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Ranger Training Weekend held at Morrow Mountain State Park

RTW group photo
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The 2016 NC Ranger School. Photo credit: C/Lt Col Kyra Willis, CAP, PAO, Fayetteville Composite Squadron (click image to view full size)
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Cadets and senior members advance their Ranger training

11/18/2016––The 2016 North Carolina Wing Fall Ranger Training Weekend (RTW) was held at Morrow Mountain State Park on 28-30 Oct. With over 151 members in attendance from several states, the 7th annual Fall RTW was a huge success! At the conclusion of the weekend, Maj Dennis Bissell, RTW Incident Commander had this to say, “RTW happened because of the hard work by a lot of people. The mission was accomplished very successfully and our goals met. Well done all!”

This theme was reiterated by Maj Brendan Kearns, “RTW was outstanding! Attendees came from NC, PA, FL, TN, DE, MD, MER and SER. RTW is one of the most popular CAP events held and everyone who attends can see why.”

So what exactly goes on that inspires cadets and senior members to travel such great distances to attend RTW? Bravo, Charlie and Delta Squadrons learned the basics, such as what to do if lost, identifying natural hazards, as well as participating in a liter carry. Alpha Squadron worked on more advanced skills. Cadets and senior members built shelters, learned mapping skills, completed a five mile hike, and built their own personal fires with just two matches, a knife, and wood they collected. Echo Squadron was reserved for those who have attended several Ranger Training Weekends in the past and were working on Ranger First Class and higher. At this point in training, there is a shift from just participating, to actually planning and organizing activities such as search operations. Ground team members learn to collaborate with air crews and even canine teams. Of course the skills mentioned here don’t even begin to cover the full scope of training that takes place at RTW. 
As outstanding as the training is, there are those who would argue that people come for the food! Lt Col Langley, head chef, begins preparing for RTWs several weeks in advance in order to gather all the necessary ingredients. He and his kitchen staff work tirelessly throughout the weekend, rising early and going to bed late in order to bring hot meals and goodies to all the staff and students. In the words of Lt Col Jay Langley, “RTW is a team sport. Everyone pitches in and helps out when needed. We have some amazing cadets and senior members who go above and beyond to make this weekend happen.”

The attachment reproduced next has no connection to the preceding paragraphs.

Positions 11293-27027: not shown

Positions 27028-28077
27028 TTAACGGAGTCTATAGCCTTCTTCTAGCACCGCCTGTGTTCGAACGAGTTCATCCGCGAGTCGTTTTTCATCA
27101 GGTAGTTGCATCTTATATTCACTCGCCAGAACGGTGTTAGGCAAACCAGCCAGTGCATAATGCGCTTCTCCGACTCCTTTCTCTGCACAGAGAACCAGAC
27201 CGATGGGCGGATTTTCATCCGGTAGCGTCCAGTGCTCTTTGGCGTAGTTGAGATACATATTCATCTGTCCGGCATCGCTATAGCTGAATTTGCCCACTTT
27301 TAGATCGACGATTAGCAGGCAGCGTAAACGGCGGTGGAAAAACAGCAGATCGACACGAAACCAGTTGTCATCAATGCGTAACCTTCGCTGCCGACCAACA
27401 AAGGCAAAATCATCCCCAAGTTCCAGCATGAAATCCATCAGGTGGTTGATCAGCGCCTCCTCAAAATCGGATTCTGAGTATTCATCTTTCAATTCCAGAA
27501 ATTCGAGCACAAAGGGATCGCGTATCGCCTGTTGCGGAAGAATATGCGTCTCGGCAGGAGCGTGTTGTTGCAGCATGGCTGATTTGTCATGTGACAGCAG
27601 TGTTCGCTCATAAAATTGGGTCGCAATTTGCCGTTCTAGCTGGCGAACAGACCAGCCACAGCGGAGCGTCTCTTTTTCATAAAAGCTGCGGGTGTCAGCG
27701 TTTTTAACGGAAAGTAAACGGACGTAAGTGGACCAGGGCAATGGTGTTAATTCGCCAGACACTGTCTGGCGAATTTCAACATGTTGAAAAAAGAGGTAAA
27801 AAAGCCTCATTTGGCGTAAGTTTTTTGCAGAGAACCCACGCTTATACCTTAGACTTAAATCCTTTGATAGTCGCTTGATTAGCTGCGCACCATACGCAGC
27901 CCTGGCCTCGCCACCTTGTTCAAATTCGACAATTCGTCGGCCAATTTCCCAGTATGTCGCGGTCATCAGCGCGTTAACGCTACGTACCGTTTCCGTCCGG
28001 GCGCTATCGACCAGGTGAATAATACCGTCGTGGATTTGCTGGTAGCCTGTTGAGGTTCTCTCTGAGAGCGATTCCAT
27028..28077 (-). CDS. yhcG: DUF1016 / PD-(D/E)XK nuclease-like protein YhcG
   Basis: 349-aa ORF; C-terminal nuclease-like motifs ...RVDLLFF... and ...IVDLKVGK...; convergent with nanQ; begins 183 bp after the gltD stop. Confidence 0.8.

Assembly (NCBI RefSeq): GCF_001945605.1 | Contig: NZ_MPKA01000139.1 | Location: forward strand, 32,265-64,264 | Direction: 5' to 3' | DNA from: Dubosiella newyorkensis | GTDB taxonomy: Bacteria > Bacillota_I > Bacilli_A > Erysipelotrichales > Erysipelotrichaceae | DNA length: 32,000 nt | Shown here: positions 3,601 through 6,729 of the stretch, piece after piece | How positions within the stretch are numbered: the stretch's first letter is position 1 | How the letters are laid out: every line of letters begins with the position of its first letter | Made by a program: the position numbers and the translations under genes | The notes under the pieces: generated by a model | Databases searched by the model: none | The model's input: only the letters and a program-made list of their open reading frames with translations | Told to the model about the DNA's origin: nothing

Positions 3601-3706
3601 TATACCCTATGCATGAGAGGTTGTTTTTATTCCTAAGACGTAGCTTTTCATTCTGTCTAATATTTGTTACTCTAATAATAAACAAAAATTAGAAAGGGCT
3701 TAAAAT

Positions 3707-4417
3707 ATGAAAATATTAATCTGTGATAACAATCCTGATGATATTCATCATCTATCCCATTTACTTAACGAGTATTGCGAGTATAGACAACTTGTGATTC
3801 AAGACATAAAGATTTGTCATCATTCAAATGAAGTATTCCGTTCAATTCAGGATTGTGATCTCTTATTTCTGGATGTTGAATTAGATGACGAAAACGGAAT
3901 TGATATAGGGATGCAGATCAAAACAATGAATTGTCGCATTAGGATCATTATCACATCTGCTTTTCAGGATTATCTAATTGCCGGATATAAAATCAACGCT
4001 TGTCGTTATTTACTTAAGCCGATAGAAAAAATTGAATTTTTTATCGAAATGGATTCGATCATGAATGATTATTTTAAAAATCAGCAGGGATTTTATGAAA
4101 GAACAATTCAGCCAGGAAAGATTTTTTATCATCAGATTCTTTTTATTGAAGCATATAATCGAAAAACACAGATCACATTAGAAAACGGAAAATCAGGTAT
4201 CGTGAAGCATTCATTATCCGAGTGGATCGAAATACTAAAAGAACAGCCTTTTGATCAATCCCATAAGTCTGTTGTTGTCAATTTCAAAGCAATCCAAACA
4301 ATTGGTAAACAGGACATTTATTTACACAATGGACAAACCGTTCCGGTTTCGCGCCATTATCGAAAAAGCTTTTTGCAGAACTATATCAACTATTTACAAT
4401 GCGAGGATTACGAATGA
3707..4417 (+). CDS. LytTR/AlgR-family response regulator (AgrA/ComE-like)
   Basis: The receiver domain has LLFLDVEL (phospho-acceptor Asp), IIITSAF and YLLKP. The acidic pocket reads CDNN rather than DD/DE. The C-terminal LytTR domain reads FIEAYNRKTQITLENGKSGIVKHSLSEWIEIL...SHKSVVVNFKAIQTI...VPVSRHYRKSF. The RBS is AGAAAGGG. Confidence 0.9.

If you have never been to an RTW, challenge yourself to make that happen. In the words of Lt Col Jonathan Wiggs, RTW Commander, "Cadets think they are learning search and rescue, but they are  really learning leadership and having fun doing it. Some may never get to apply the search and rescue skills they learn here, but they will leave with leadership skills they will use for a lifetime."  
And isn’t that what Civil Air Patrol is all about? CAP’s mission statement is as follows: “Supporting America's communities with emergency response, diverse aviation and ground services, youth development, and promotion of air, space and cyber power.”
Support for the Ranger program is support for CAP’s mission. These young men and women learn the skills necessary to respond to an emergency, whether it be to render first aid to an individual in need that happens across their path, or to the community as a whole during a crisis. Being able to provide ground team services has nothing to do with age, and everything to do with training and heart.  And CAP cadets have both of these in spades. C/2d Lt Sean Schwartz, Echo Squadron XO, describes his role as a cadet mentor and instructor, “We’re trying to lead and educate the next generation of CAP rangers, while advancing in the program ourselves.” 
At events such as RTW, Civil Air Patrol has the opportunity to bring it’s mission to life - as young people move one step closer to becoming tomorrow’s leaders of their community, state and nation.